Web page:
than we do capability to continue restoring
our entire collection. So there’s a different
answer every time on how do you find out, where
do you get the expertise, how do you get all the details. It’s important to know, too, although you have a lot of
World War II vehicles here, you also have some
vehicles from other wars. Yes about half of our collection
is World War II vehicles. The remainder of our collection includes Korean War vehicles. We have a number of
Vietnam War vehicles. We have some post-Vietnam
War vehicles. The post-Vietnam War part of
our collection is the weakest, and that’s where we’ll expand
the most here as time goes by. On the Vietnam War side,
we’ve got some great pieces. We’ve got pieces
that really resonate with veterans of the Vietnam War as they see pieces of equipment that they lived and fought in. But we have more to expand
to the Vietnam War part of our collection as well. There weren’t so many specialty
vehicles for the Korean War; there’s World War II carryovers and there are pieces from
right there at 1950, 1951; we’ve got some of those. But our focus is
not World War II; our focus is the U.S.,
American military experience as reflected in the
vehicles that veterans used. It’s also important for
you to make veterans part of this vision. Well I’m working closely
with several veterans. The people that I consider to
be my colleagues are veterans, and are very involved
and helpful in this. Neither my wife nor I
served in the military. We both have a very
deep appreciation for the benefits that we enjoy as a result of generations
of military veterans and military service. And so we’re very interested in providing job
opportunities for veterans. We have a particular
veteran-managed business in a different state. And we work to reach
out to veterans and offer as much return
to people as we can. And this whole museum
is one of the ways that we can offer something
back to the veteran community to really celebrate
their experience and their sacrifice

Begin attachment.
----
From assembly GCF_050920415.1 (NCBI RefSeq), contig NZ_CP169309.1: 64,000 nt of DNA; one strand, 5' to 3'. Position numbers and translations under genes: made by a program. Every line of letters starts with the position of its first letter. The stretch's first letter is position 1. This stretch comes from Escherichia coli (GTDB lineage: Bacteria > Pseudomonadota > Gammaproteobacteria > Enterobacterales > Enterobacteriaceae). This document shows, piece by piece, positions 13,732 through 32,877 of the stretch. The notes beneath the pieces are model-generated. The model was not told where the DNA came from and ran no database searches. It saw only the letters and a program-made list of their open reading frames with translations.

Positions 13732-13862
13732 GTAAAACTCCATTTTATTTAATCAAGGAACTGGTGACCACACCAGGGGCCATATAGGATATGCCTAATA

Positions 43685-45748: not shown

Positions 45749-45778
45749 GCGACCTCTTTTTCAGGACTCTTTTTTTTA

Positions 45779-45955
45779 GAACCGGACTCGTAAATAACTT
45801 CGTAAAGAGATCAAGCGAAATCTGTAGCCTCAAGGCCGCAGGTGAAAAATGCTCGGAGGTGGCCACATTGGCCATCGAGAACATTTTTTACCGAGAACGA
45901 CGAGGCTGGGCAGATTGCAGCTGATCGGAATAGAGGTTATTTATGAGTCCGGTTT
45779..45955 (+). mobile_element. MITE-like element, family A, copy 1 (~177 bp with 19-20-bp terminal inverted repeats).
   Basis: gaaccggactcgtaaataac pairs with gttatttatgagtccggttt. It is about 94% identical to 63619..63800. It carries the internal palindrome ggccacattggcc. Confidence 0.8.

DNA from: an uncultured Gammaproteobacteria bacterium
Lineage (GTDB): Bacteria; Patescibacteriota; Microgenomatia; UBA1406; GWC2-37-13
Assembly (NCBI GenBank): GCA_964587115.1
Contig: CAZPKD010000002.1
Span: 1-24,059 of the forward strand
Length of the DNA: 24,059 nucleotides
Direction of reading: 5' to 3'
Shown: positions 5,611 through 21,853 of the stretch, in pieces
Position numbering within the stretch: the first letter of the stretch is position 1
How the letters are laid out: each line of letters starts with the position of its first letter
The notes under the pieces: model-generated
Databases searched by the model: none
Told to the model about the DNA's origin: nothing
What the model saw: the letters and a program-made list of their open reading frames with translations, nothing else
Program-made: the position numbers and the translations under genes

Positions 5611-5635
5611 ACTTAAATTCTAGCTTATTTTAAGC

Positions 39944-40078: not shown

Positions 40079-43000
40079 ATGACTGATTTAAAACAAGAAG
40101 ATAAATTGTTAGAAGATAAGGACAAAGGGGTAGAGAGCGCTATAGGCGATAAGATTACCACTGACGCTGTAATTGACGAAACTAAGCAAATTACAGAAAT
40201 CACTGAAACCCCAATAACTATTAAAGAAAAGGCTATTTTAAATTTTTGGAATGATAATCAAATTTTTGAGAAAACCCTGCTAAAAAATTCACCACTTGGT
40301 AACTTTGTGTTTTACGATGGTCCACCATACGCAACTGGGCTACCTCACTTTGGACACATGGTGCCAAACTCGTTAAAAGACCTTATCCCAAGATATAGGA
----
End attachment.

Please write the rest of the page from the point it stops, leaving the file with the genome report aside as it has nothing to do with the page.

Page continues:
and their service. Again, this is all
in Dubois, Wyoming. And we have more to see;
let’s continue our tour. Okay. (bugle and drum music) Dan this is a tank that served both in World War
II and in Korea. Yes. And it has quite a story. Yes, this is an M7 Priest. The M7 Priest is a
self-propelled artillery piece. So, as you think about a cannon, and think about 105-millimeter
cannon for example, that could be transported
one of two ways. It could be towed behind
some vehicle that pulls it, or it could be self-propelled. This is self-propelled, so
it’s got its own tracks. It looks like a tank; again,
technically it’s not a tank, it’s a self-propelled
artillery piece, but it has the same
bottom as a Sherman tank. And this was part of our
mass-production strategy in World War II and part of how we were able to be so successful with our supply of
military equipment, with common parts and
using the same platform to do a lot of different things. So this Sherman tank
platform included our ability to put a
105-millimeter howitzer on it. If you climbed up on
this, you’d see that there’s no top to this Priest. And it has a 50-caliber
machine gun there, and that’s the
basis for the name; it looks like a
pulpit in a church so this was called the
“Priest” as a nickname. And the function of this was
to go along with our tanks; the Sherman tank would fire generally between about
1,000 and 2,000 yards; most of the tank